Disbursement of investment capital in the first seven months of the year was still low. In particular, there are hindrances that have been raised for many years but have not been completely resolved. Is there a problem with our mechanism or policy? There are many reasons for the delay in disbursement that have been pointed out for many years, such as: site clearance, investment preparation. We must frankly admit that solutions to overcome these shortcomings have not been implemented effectively. For example, site clearance progress is slow because we are currently doing two things at the same time: project construction and site clearance. Obviously, we have seen this problem before, but there is no solution to fix it. In addition, the current policies in land clearance compensation have many shortcomings such as determining the land price, determining the price of the recovered property, etc., which do not satisfy the needs of the people, so the people do not agree with the compensation rate.
The procedures for approving investment projects to qualify for capital allocation or approving the adjustment process are also time-consuming. In particular, the assignment of rights and assignment of responsibilities in each relevant agency or unit is sometimes very general. So, if one unit finds some procedures difficult, they can transfer such responsibility to another unit, or to the upper management unit. To speed up the disbursement progress, Government has established interdisciplinary working groups with many participating agencies, so that when the projects have problems, these agencies will sit together and come up with solutions immediately. This is a measure for agencies, departments and sectors to work well together. But in reality, the work of coordination and resolution is still very slow, and not really effective. This proves that the mechanisms in the management of the approval procedures for investment projects are still binding to create safety for authorised individuals and organisations instead of pointing out clear responsibility as well as the right of individuals and organisations.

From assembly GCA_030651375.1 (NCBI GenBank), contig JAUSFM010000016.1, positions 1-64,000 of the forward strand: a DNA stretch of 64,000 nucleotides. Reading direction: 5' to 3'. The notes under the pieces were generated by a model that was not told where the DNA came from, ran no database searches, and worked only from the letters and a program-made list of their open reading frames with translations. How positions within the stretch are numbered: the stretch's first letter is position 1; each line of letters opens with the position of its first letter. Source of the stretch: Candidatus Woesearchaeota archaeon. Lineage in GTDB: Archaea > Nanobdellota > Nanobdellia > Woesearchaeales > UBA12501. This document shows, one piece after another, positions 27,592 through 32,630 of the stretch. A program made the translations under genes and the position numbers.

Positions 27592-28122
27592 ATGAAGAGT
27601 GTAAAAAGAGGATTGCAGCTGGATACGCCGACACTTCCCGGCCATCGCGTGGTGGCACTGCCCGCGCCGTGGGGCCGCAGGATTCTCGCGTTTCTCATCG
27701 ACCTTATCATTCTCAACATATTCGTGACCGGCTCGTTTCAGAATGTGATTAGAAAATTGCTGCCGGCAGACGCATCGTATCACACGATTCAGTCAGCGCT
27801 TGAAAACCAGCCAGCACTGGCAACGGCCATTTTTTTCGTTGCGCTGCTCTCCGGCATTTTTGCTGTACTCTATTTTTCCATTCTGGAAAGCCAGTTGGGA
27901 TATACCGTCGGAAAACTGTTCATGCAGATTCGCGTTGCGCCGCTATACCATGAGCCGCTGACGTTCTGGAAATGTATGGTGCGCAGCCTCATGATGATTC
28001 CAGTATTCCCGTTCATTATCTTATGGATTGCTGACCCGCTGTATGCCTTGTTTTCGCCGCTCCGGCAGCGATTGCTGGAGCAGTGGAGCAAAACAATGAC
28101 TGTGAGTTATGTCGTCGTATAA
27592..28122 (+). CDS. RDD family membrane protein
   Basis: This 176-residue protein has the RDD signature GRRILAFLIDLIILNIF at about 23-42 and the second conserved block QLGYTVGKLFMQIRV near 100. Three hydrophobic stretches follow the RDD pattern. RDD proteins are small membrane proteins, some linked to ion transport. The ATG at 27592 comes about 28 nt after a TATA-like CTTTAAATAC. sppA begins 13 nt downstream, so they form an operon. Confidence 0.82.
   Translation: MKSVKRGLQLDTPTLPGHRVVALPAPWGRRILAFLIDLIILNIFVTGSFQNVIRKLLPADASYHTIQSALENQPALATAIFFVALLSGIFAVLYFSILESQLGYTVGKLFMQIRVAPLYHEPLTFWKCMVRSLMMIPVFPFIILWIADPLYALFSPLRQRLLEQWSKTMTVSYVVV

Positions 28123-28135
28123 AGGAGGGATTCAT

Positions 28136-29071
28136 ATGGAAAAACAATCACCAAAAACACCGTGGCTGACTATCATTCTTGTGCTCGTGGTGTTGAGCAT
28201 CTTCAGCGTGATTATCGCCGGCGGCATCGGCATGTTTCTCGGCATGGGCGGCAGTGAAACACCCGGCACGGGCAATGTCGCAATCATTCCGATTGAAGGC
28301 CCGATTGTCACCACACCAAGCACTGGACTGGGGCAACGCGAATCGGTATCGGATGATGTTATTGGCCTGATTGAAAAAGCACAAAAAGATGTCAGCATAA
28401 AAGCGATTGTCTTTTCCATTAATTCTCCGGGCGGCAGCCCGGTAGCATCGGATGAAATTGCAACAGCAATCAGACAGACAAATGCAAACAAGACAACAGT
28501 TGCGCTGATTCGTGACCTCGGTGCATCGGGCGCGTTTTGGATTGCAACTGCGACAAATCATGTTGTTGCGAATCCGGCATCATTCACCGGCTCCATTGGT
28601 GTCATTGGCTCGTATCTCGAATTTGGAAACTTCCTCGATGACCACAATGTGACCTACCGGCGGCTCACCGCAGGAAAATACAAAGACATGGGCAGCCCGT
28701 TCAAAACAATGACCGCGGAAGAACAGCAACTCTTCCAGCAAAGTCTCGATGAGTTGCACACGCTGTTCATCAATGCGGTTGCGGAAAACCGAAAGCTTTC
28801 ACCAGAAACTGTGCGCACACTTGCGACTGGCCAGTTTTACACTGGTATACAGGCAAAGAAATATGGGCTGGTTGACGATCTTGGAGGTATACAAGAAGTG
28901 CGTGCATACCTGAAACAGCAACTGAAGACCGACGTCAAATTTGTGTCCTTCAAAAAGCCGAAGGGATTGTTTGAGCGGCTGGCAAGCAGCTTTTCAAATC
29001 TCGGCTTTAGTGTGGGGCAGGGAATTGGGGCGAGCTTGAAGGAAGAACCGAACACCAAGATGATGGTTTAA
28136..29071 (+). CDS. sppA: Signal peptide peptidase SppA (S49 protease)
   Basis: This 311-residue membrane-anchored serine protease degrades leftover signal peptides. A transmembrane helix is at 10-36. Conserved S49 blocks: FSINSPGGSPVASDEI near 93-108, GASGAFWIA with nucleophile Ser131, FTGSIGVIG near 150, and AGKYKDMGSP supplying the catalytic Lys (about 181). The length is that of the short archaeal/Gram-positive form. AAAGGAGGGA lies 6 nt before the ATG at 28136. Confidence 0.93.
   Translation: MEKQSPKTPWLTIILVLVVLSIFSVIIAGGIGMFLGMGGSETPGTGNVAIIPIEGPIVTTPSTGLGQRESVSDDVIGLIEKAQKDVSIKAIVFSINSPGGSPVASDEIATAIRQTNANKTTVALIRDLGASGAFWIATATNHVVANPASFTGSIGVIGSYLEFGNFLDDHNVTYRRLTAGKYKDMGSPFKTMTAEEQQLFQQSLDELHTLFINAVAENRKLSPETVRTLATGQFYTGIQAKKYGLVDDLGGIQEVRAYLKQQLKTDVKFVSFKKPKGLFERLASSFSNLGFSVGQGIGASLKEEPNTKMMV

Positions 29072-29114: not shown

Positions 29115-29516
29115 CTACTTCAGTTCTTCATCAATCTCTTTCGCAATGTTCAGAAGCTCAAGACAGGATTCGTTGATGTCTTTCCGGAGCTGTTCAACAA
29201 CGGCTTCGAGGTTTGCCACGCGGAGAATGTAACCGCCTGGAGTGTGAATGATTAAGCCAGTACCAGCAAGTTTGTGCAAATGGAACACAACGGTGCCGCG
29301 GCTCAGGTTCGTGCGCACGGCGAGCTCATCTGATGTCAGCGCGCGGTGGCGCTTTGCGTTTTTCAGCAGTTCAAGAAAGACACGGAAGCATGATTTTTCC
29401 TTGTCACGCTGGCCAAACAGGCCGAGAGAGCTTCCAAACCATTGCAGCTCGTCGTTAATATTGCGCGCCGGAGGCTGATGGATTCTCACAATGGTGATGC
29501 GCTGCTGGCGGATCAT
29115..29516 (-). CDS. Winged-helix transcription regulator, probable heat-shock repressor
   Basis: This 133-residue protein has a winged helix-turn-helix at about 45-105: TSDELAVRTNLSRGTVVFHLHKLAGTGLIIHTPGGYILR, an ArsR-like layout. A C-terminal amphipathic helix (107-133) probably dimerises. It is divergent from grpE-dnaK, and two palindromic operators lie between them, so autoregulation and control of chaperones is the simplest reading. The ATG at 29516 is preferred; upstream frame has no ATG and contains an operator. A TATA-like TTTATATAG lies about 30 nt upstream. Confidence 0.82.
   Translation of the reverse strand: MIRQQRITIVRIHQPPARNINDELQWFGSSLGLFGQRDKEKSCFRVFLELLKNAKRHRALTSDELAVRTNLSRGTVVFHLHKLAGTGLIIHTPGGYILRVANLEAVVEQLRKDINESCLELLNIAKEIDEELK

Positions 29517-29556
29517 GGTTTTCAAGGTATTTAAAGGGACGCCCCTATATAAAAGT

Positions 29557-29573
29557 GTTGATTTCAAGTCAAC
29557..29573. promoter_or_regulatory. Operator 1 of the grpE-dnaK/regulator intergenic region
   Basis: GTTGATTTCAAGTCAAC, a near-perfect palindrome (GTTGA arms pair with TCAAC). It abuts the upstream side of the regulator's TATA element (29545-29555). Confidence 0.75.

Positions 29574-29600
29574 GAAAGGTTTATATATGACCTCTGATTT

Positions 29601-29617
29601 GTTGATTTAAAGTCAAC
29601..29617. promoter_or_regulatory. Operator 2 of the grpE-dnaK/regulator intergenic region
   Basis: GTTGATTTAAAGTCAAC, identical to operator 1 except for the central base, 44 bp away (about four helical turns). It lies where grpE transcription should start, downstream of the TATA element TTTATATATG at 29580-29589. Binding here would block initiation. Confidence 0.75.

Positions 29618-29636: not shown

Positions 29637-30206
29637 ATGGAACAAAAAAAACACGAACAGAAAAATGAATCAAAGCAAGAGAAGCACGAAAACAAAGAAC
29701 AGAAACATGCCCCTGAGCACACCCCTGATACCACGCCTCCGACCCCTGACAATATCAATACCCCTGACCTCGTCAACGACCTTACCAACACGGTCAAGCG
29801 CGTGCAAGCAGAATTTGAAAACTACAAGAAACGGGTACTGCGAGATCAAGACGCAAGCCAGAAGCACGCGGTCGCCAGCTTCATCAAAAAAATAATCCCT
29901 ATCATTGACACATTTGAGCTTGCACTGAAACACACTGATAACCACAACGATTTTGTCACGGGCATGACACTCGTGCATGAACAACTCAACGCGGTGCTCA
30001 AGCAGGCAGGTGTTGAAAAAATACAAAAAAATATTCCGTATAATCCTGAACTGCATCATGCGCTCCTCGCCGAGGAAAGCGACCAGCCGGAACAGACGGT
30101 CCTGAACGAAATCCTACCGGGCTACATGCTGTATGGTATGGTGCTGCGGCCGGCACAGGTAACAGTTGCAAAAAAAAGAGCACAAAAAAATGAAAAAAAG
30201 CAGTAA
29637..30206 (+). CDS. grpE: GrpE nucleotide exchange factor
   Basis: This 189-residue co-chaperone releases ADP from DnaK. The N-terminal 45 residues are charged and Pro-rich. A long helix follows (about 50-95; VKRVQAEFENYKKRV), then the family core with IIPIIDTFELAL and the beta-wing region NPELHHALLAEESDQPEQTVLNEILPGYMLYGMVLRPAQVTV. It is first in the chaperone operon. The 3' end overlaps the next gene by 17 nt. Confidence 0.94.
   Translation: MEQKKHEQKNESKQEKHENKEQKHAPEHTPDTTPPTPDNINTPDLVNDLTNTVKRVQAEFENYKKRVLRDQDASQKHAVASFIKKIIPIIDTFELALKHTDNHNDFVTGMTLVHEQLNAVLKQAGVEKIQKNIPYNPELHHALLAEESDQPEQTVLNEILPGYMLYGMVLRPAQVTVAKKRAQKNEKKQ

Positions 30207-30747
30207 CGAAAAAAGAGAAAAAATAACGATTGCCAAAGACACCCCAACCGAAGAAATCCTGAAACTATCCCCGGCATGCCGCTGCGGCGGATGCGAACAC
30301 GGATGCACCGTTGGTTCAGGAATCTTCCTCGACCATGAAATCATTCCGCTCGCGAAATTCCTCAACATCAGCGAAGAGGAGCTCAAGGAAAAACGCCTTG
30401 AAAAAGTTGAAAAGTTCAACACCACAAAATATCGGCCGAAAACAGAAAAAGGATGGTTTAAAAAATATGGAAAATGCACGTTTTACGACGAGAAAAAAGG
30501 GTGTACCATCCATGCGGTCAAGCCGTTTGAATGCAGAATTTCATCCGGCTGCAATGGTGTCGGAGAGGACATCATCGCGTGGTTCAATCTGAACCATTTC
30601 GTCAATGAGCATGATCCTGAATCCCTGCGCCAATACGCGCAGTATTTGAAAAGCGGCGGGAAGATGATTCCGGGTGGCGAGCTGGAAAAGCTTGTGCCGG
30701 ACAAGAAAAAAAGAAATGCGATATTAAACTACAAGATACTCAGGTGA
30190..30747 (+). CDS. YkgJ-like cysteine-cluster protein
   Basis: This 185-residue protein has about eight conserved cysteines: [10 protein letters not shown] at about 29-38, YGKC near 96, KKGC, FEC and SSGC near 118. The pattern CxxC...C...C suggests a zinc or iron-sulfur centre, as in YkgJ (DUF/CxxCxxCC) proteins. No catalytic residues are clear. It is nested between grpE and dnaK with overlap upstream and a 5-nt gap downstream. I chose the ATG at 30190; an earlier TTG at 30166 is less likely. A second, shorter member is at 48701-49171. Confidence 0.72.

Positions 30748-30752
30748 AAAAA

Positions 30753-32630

There is also another reason for slow implementation, which is the lack of capacity of contractors. Many solutions have been implemented such as assigning responsibility to the head of the unit to be responsible for the disbursement progress. If the management unit of one project does not manage to make disbursement at an expected rate, in the following year, the capital for the project will be either cut or transferred to another project. The Government has also set up inspection teams to detect which units do not strictly comply to hand down proper settlements. However, the disbursement is still slow and so far, no individuals or units have been handled, and no funding for any projects has been cut or transferred. There are two reasons, the first is that the authorities themselves are not tough enough. The second is that the slow disbursement is difficult to attribute to a specific individual or a specific unit. For example, a project needs adjustment, but the adjustment involves many ministries and branches. Then, the conditions for adjustment may be missing a certain step that is not important but is required according to regulations.